It’s important to know your audience. This is a story that I have told to teachers several times and it never comes off well. I’ve finally learned over the years not to tell it at all at my wife’s teacher parties. I think the reason why is because it is a discouraging story and relevant commentary on public education. Perhaps that’s why I’ve never written about it. It also does not reflect well on me. It’s the story of how I went from being a public school music teacher to being a software engineer.
In 1996, I graduated college with a bachelor’s of vocal music education and immediately began looking for jobs as a middle school or high school choir director. Apparently, those are tough positions to find so I settled for a job as an elementary school music teacher at two schools in Moore, Oklahoma. I was to split my time between two schools both of which had music teachers and needed someone else to take a few grades.
Although I had strengths in putting together fine choral programs, I wasn’t really good at nor was I interested in the music education curriculum. I also struggled with classroom discipline. Overall, I was a pretty mediocre teacher, but it was a job with benefits and our expenses were very low. It was just Jenny and me and this was the most money I’d ever made.
There were things I liked about the job. I grew to love my students very much, even ones that raised hell in my classroom. I say classroom very loosely because most of the time, I only had a cart to wheel from classroom to classroom. Eventually, one of the schools gave me a prefab classroom which was a great improvement on my life. I liked teaching songs and playing games with them, and they liked my class as long as that’s what I did. You may think that that is all there is to a music class, but I was also expected to teach my kids how to read and understand music and maybe even play some instruments. But remember, all I really cared about in the beginning was directing choir, and so that’s what I often did. No one complained that I know of.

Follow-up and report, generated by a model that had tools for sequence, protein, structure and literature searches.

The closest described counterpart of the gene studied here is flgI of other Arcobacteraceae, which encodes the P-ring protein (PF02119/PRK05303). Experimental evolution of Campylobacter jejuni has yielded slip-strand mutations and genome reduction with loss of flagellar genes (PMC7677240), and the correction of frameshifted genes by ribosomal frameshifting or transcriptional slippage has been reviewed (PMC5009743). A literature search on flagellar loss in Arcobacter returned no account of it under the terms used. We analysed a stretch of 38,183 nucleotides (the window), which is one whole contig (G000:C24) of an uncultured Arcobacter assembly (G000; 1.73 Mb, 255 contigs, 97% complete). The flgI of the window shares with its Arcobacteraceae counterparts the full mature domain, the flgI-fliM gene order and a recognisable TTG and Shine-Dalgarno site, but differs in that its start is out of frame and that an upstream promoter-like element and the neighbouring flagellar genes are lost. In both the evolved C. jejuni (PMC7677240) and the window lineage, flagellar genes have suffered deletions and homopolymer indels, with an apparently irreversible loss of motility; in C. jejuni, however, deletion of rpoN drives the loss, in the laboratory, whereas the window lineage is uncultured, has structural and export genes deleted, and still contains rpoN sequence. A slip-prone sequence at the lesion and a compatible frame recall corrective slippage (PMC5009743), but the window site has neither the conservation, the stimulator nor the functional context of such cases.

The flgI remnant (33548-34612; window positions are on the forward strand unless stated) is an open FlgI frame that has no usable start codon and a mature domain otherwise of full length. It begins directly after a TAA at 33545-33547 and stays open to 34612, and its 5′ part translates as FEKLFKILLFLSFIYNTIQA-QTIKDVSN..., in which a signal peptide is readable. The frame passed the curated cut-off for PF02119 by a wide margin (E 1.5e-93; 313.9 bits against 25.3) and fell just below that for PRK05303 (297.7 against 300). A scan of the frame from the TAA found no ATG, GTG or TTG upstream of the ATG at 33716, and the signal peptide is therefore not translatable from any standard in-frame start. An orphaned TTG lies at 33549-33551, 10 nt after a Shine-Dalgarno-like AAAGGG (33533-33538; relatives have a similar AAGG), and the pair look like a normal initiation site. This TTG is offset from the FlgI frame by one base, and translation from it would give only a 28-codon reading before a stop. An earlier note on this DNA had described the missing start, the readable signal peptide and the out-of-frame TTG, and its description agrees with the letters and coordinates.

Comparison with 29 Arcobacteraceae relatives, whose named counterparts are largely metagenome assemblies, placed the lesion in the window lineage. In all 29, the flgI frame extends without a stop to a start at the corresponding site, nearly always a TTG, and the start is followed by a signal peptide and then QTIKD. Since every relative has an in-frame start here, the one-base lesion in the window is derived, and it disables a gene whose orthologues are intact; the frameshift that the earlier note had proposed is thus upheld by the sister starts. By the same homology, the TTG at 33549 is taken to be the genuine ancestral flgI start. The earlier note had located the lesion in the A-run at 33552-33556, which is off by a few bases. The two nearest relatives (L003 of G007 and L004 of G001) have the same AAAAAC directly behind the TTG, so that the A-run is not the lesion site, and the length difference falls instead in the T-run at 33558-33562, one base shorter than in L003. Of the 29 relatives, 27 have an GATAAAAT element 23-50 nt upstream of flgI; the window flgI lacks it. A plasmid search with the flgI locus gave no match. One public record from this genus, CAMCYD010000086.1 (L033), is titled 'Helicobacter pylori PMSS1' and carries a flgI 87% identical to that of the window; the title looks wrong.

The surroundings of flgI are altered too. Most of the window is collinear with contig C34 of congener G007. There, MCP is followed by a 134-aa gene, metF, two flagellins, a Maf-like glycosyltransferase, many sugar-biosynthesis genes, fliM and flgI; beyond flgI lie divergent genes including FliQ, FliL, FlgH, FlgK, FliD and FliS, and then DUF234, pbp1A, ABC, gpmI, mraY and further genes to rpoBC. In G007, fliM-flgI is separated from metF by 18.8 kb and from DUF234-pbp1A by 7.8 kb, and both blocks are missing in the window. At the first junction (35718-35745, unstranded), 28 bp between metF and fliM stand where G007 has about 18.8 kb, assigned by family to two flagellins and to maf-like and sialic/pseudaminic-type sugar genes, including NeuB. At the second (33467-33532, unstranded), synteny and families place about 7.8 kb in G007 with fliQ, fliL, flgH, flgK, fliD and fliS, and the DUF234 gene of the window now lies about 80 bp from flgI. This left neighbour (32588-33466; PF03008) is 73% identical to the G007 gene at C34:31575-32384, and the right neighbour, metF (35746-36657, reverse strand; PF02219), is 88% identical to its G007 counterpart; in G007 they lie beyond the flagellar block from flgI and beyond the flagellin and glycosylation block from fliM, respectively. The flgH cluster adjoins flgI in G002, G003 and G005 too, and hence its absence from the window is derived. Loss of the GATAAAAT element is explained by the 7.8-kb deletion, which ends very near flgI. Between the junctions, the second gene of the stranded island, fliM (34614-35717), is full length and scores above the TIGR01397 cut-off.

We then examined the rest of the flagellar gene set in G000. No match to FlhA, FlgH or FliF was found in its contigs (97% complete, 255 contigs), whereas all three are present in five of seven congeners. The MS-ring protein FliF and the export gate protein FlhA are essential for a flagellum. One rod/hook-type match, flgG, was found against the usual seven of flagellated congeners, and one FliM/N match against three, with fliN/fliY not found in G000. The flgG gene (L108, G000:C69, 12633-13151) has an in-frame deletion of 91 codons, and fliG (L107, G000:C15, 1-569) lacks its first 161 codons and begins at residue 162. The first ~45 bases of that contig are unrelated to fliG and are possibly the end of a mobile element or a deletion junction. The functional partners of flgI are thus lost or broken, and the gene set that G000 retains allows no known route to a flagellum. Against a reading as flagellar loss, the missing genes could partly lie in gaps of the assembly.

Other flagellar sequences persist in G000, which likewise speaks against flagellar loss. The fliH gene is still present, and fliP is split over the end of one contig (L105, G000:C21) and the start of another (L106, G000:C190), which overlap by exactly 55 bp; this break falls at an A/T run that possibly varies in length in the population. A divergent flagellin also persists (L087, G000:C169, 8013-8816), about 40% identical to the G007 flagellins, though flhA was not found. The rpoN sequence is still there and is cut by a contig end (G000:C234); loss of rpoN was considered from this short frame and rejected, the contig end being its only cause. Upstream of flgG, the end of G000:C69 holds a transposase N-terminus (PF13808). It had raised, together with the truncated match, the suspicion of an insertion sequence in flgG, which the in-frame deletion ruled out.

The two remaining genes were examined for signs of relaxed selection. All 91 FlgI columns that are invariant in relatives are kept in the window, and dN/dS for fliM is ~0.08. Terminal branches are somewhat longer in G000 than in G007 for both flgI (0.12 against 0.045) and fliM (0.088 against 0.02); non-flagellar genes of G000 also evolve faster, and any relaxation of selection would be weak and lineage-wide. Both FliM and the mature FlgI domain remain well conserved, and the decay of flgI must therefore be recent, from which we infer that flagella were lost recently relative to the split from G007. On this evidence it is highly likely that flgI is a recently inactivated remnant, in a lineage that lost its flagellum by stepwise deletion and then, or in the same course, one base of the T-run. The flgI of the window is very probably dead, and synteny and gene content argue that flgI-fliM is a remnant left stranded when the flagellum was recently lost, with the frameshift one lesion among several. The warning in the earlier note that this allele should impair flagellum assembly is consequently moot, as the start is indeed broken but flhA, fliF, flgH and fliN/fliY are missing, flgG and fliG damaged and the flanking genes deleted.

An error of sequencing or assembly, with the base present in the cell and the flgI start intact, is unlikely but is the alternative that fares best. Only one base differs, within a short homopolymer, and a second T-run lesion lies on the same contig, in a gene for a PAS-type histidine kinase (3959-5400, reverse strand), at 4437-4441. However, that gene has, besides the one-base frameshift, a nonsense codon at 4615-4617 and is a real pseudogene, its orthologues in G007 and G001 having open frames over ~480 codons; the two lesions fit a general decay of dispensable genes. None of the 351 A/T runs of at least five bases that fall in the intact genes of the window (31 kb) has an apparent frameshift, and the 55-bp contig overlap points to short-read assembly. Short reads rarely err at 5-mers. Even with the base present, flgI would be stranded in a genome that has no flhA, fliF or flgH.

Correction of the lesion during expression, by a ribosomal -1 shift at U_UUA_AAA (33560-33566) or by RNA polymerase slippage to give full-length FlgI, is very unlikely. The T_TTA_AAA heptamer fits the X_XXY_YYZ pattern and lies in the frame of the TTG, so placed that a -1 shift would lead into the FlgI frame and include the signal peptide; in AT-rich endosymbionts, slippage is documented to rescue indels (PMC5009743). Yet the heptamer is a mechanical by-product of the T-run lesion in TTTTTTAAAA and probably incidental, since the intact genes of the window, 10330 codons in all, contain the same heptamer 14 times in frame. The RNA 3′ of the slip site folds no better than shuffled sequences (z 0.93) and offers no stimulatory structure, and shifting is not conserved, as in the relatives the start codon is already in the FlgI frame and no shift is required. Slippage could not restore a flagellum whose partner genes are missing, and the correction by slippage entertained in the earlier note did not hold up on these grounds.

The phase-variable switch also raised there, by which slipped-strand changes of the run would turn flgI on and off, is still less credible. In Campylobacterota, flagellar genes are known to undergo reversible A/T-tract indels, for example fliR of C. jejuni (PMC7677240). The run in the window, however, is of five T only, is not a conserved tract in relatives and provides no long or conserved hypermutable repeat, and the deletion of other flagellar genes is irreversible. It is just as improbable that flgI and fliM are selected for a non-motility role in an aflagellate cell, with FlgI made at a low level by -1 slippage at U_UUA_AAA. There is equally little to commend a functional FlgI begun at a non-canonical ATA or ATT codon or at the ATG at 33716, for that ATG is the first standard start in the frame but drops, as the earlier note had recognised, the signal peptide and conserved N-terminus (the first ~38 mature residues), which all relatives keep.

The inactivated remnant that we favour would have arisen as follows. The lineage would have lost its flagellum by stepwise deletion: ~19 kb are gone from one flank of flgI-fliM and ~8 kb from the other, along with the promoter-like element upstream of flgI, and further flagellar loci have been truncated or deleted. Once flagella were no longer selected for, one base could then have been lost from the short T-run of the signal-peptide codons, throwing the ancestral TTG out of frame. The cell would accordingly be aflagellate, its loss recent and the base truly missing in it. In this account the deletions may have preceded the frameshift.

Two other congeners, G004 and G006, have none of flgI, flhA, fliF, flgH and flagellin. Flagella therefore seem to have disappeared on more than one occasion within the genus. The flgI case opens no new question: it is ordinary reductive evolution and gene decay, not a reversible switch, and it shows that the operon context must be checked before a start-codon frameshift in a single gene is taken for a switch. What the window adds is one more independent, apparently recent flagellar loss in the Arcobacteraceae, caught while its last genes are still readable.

In my second year, Jenn and I had our first child and things changed. Suddenly, my salary wasn’t enough for us to live as comfortably as we had been living. This created a strain for us. Then I began what became my final year of public school teaching. It started with a letter from Moore Public Schools. This letter is the reason I think it’s a good story and part of the reason why it’s not popular with teachers.
Around the time the new school year starts, teachers receive a letter informing them of their annual raise and any changes to their benefits. My first raise had been modest, but we were getting by; however, this letter was different. I remember only two things from that letter. It began with
Dear Mr. Wilson-Burns,
Congratulations! We are pleased to offer you $-1 raise in your pay.
It was clearly a form letter. If a person had actually looked at this, they might have changed “congratulations” to “unfortunately”. I was stunned. I read and reread the letter until I realized what had happened. The second thing I noticed is that my healthcare premium had raised enough to eclipse my raise in pay. I entered my third year feeling the strain of having a new baby and the resentment for not having received a raise.
There was a change of location for me that year that was convenient. They moved me from one school building a couple of miles away to an annexed building across from the other school. I got the idea that I could march my kids over to my prefab and teach in my own space. So one nice early fall day, I took a third grade class across the street to the prefab. Everything went smoothly until we left the class. In front of the building, and I’ll never know why, there was a post with a rope mounted on the top of it. I turned around to get the kids in order and one of them had wrapped the rope around another’s neck and was intentionally choking him. I shouted at him to let go. For an uncomfortable two seconds he stared me down before he finally let the kid go. I don’t remember what I said or did next, but the kid picked up a large rock and aimed it at my head from about six feet. I tried to keep my cool, but I was really disturbed and seriously afraid he was going to knock me in the head with that rock. I must have said something to convince him to put the rock down because he did. And that’s the first time I thought it, “I don’t get paid enough to put up with this shit.” And that was the last time I took them to the prefab.